Courtesy of Wikimedia Commons
Courtesy of Wikimedia Commons

Student demonstrations erupted at last week’s UC Board of Regents meeting as many condemned the lack of affordability of UC President Janet Napolitano’s proposed tuition plan. Much to the chagrin of Gov. Jerry Brown and UC Student Regent Sadia Saifuddin, who voted against the tuition increase, the regents approved the plan by 14-7.

Crowds of students chanted, “Hey hey, ho ho, tuition hikes have got to go!” and linked arms to prevent the regents from entering the meeting room last Tuesday. A glass door was shattered as students attempted to storm into the meeting room. A 21-year-old UC Berkeley student was also arrested and charged with two counts of felony vandalism and inciting a riot.

Addressing the panel of regents, Saifuddin said protesters’ actions might appear “unsavory to you all” but the anger and fear students may be experiencing should be kept in mind. “This is not just $612 more a year. This is rent. This is another job they need to get. This is food they cannot buy.”

ASUCR President of External Affairs Abraham Galvan also commented during the public forum period and encouraged the board to look at long-term funding solutions. Viewing the tuition increase as a political maneuver by Napolitano, Galvan said, “The UC should not be using students as pawns in a toe-to-toe battle with the governor,” he said. “Work with us, not use us.”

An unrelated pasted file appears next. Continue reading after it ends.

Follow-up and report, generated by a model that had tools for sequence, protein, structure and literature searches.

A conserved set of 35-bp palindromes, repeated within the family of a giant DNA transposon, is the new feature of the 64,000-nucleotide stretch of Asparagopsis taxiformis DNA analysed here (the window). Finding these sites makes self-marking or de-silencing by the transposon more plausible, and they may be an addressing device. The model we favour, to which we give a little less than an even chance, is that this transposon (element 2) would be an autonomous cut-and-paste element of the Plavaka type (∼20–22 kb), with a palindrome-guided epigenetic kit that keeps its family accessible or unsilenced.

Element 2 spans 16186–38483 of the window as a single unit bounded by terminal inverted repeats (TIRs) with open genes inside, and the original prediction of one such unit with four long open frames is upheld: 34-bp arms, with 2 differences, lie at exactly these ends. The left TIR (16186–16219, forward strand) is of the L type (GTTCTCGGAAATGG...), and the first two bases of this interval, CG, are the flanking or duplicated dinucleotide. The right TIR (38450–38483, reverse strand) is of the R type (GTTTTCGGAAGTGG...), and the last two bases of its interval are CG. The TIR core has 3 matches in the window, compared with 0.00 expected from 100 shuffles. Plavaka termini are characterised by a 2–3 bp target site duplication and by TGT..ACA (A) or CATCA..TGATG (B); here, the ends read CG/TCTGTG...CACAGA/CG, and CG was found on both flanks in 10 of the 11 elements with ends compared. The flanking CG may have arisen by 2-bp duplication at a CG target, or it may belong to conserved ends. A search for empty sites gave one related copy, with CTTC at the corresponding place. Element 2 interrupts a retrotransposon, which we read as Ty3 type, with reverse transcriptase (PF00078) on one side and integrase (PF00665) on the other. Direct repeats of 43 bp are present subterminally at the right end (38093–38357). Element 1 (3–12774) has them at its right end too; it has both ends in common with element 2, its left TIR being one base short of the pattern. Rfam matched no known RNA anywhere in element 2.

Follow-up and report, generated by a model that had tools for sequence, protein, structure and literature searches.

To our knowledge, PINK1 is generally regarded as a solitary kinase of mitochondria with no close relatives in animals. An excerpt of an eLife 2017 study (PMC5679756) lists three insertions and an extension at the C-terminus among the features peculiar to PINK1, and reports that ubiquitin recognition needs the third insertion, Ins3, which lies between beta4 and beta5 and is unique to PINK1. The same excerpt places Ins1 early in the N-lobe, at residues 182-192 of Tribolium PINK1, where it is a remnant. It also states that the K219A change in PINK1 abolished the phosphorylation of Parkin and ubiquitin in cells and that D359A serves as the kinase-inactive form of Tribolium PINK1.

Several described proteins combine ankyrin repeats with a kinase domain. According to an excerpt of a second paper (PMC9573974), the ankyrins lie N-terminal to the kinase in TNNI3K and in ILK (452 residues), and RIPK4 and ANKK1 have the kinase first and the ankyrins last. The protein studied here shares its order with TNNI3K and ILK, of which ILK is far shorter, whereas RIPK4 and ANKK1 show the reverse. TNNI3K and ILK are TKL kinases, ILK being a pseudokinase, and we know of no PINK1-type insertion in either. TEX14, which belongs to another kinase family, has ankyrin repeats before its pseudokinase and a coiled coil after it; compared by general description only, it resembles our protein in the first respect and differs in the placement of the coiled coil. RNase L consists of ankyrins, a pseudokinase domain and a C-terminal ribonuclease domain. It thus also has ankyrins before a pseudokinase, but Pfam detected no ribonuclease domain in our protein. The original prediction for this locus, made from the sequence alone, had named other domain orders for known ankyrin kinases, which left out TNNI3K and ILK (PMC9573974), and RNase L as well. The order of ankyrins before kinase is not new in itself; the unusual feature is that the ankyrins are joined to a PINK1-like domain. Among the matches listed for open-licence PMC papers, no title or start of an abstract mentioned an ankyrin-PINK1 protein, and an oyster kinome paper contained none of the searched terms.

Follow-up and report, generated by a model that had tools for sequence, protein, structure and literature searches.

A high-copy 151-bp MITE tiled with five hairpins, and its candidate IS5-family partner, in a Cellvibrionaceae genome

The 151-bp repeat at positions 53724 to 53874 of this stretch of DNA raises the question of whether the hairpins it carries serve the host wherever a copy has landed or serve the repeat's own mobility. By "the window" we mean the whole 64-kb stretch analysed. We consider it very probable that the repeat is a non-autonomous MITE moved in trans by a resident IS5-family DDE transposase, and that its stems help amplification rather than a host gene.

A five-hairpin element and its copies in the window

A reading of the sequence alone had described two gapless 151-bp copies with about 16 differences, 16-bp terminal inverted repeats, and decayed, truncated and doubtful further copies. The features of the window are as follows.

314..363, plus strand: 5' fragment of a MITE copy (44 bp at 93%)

Napolitano said the tuition increase was necessary to maintain robust financial aid, create a more predictable tuition model and offset the “massive state divestment” experienced by the UC in the last few years.

As a result of the plan, UC tuition will increase by up to 5 percent per year, potentially driving tuition from its current levels of $12,192 to as high as $15,563 in the next five years, unless the state provides additional funding. This is the first time UC tuition is expected to increase after three years.

“UC has long stood as a beacon of hope for young Californians,” said Napolitano. “The plan ensures the UC will stay that way.”

Napolitano reaffirmed that the tuition increase is “integral to the vitality of the UC” and will help the university system enroll 5,000 more in-state students and 2,000 more out-of-state students. Creating differential campus levels of tuition, caps on in-state enrollment and reductions to financial aid were a few alternative proposals that she rejected.

According to a presentation given by the UC’s Vice Executive President of Business Operations Nathan Brostrom, the UC currently operates on core funds of $6.6 billion with tuition and fees making up 45 percent, state funding making up 42 percent, and nonresident enrollment and other sources comprising the last 13 percent. The UC receives $460 million less from the state than it did in the 2008 to 2009 fiscal year, despite an increase of nearly 7,000 students, according to a press release.

Even with the tuition increase, UCR officials report that financial aid will also increase to accommodate the adjustments in tuition. The UC currently provides nearly 55 percent of all UC undergraduates with income-based financial aid that fully covers tuition.

Brown chimed in during the meeting and called for the creation of a joint committee with members selected by Napolitano, himself and the state Department of Finance to help the UC establish fundamental cost-cutting measures such as: offering more online classes, creating policies to facilitate the California community college-UC transfer pipeline and implement consistent lower-division major requirements throughout the UC system.